This is where the practice I gave you yesterday is very important. Focus, field internal material, giving rise to presence. And if you’re open to your internal material then how is that fitting with your actions? People can get a very fixed idea that they’re always right, but they’re not feeling what’s going on inside them. That is a danger. Very definitely. This way of approaching things is based on being totally aware of what is happening in you, in your body, all of that emotional stuff there, and be able to be present. But that danger exists.
Joy is a constant support. Again, from the perspective of the world of complete experience, joy is the consequence of the knowing that arises when you are not separate from your experience. So, in the same way, there’s no shame. You know how you’re acting, what you’re doing. It’s appropriate because you are present. And so there’s a joy, a sense of completion, moment by moment in that.
Tibetan lamas have an interesting relationship with Westerners. Maybe it’s changed now, but this has happened to me on more than one occasion. This is one of them: After the three-year retreat, I went to visit a lama in England, Chimé Rinpoche. I don’t know how many of you know him. He’s quite a character. He really likes to turn the screws on people. I went with a colleague and he just totally embarrassed this colleague, who was a former student of his, in front of me. I mean, it was excruciating.
We were asked to answer questions about the three-year retreat from his students. And one of them asked, “Isn’t it rather dull being enlightened? You know, isn’t it boring? You know, you don’t have all these passions flying around. You don’t get excited about anything,” etc., etc., etc. I can’t talk about being enlightened, but I responded to this by saying, “Well, as you practice and as your practice matures and some sense of ongoing attention begins to form in you, some momentum, what you begin to find is that there’s a very quiet, deep joy that you can tap into all the time.” And Chimé, who was sitting up on his throne, sort of looked down at me and went, “Not bad.” [Laughter] There’s many other stories I could tell about him but…
Proficiency means you can do it even when distracted. Again, this is the sense of momentum. In this, you’re not becoming anybody or anything. One might say that through attention, awareness acquires more and more momentum.
Now, when something has momentum, even though there’s a disruption, the momentum just carries it through. So even when you’re distracted, something comes up, the momentum of your practice is right there and you’re still responding to situations appropriately. In meditation there’s this Tibetan term, shin byangs (pron. shin jang) which just means thorough training. It’s just there all the time.
Then, moving to the commitments.
Always train in the three basic principles. Now, you may recall that the three basic principles were, observe your vows, don’t engage in outrageous behavior, and don’t be prejudiced or biased in your practice. One of the things that I try to do all the time when I’m reading texts on Buddhism is to try to understand what they’re really talking about—translating it into terms that make sense in my own life—and this requires a lot of questioning, a lot of critical thinking.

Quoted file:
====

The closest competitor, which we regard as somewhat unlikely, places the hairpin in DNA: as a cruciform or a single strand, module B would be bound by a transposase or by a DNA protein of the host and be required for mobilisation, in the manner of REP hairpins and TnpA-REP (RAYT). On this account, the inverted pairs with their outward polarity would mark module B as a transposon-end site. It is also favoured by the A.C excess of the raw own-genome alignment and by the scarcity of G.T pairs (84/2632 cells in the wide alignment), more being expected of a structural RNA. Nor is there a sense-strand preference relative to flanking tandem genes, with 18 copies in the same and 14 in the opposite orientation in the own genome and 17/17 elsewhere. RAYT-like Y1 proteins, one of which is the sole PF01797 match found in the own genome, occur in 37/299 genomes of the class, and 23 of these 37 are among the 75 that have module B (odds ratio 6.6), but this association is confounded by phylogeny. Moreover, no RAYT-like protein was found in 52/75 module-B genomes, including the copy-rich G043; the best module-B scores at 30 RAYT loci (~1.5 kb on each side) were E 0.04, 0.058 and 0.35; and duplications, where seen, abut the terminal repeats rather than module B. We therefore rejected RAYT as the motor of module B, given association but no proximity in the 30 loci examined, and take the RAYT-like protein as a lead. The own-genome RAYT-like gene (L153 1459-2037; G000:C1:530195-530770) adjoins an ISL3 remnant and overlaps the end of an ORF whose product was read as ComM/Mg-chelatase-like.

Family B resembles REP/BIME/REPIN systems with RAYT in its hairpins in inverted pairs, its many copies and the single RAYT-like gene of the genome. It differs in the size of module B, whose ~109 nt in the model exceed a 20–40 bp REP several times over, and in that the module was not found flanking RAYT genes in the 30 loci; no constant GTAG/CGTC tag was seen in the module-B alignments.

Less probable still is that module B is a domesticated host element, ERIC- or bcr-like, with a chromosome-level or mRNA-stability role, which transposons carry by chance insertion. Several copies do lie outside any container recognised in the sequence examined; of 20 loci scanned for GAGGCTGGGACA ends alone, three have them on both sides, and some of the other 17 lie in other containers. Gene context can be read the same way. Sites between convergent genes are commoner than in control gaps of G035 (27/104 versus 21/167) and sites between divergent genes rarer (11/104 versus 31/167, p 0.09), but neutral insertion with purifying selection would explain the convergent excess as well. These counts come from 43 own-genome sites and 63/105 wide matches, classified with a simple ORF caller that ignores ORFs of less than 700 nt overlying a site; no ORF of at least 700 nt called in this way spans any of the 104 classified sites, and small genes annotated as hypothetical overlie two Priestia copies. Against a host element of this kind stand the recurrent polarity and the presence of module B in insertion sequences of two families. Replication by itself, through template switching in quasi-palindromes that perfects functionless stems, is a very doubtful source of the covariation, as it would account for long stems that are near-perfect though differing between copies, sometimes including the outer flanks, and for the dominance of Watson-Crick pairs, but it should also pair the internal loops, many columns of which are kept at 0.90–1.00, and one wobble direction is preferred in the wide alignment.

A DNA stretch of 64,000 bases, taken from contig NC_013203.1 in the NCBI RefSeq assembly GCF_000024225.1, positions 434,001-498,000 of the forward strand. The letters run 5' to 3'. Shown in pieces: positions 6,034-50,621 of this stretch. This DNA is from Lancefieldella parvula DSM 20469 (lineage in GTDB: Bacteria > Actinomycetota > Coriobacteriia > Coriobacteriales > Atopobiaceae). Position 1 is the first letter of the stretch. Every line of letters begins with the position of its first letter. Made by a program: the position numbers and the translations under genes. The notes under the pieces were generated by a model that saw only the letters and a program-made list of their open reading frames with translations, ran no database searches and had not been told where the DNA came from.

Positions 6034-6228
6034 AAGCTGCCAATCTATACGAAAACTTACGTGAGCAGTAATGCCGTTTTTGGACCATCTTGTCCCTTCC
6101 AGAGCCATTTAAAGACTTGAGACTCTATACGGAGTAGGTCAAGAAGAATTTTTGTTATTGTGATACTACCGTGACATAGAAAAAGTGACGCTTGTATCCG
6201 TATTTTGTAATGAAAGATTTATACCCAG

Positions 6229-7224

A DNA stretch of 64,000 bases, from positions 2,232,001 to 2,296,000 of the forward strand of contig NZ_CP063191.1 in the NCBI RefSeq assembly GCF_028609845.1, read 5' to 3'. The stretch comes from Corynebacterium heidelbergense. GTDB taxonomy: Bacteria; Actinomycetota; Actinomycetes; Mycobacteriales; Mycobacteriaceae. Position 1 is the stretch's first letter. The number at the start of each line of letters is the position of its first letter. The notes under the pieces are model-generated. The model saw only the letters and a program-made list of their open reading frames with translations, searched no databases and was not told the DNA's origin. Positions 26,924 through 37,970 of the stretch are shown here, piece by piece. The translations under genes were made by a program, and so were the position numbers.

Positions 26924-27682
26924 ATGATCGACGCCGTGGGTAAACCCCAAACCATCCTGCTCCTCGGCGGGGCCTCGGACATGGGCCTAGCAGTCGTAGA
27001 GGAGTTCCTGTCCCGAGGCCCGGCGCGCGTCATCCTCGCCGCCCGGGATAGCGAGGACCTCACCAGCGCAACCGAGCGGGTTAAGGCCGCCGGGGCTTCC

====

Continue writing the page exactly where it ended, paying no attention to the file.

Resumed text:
I want to use this as an example because I think this is something that is very fruitful for all of you to be doing and learning how to do, so that you aren’t restricted to the what is often a pre-scripted, “Do this, don’t do that.” But to understand deeply how this applies in your own experience.
So, when I look at vows, you have the three levels of ordination. The ordination of individual liberation, which is about avoiding certain actions, not to kill, not to steal, not to lie, the five precepts, etc. And then you have the bodhisattva vow, which you’re all familiar with, and the Vajrayana vows, which I think I mentioned, which are a commitment to experiencing the world a certain way.
But what’s going on in vows in general? Vows in general, in my view, are a vehicle for intention. So, that’s what I’m going to suggest as another way of formulating the first basic principle. Be really clear about your intention. And then if you take a look at outrageous behavior and the encouragement or the injunction to avoid it, well, didn’t want to get stung there. This to me, particularly in the way that Kongtrül was describing it—and Chekawa does the same thing—this is about doing something to prove to others that you are somebody. You know, “I am enlightened.” A lot of stuff that goes on under the rubric crazy wisdom falls into this category. Had lots of people trying to prove that they were crazy wisdom adepts. Contradiction in terms. And you can feel the sense of separation from experience in, “I’m going to prove I’m somebody special.” The underlying principle that I think is being talked about is appropriate behavior—appropriate action in whatever arises.
And then prejudice or bias in one’s practice means that you aren’t relating to the totality of your experience. If you relate to the totality, there is no place for bias or prejudice to arise. Yes?
Student: Is that about, you know, leaving an aspect of your life…
Ken: Exactly, yes.
Student: …then there’s the draw on all that energy in becoming more and more…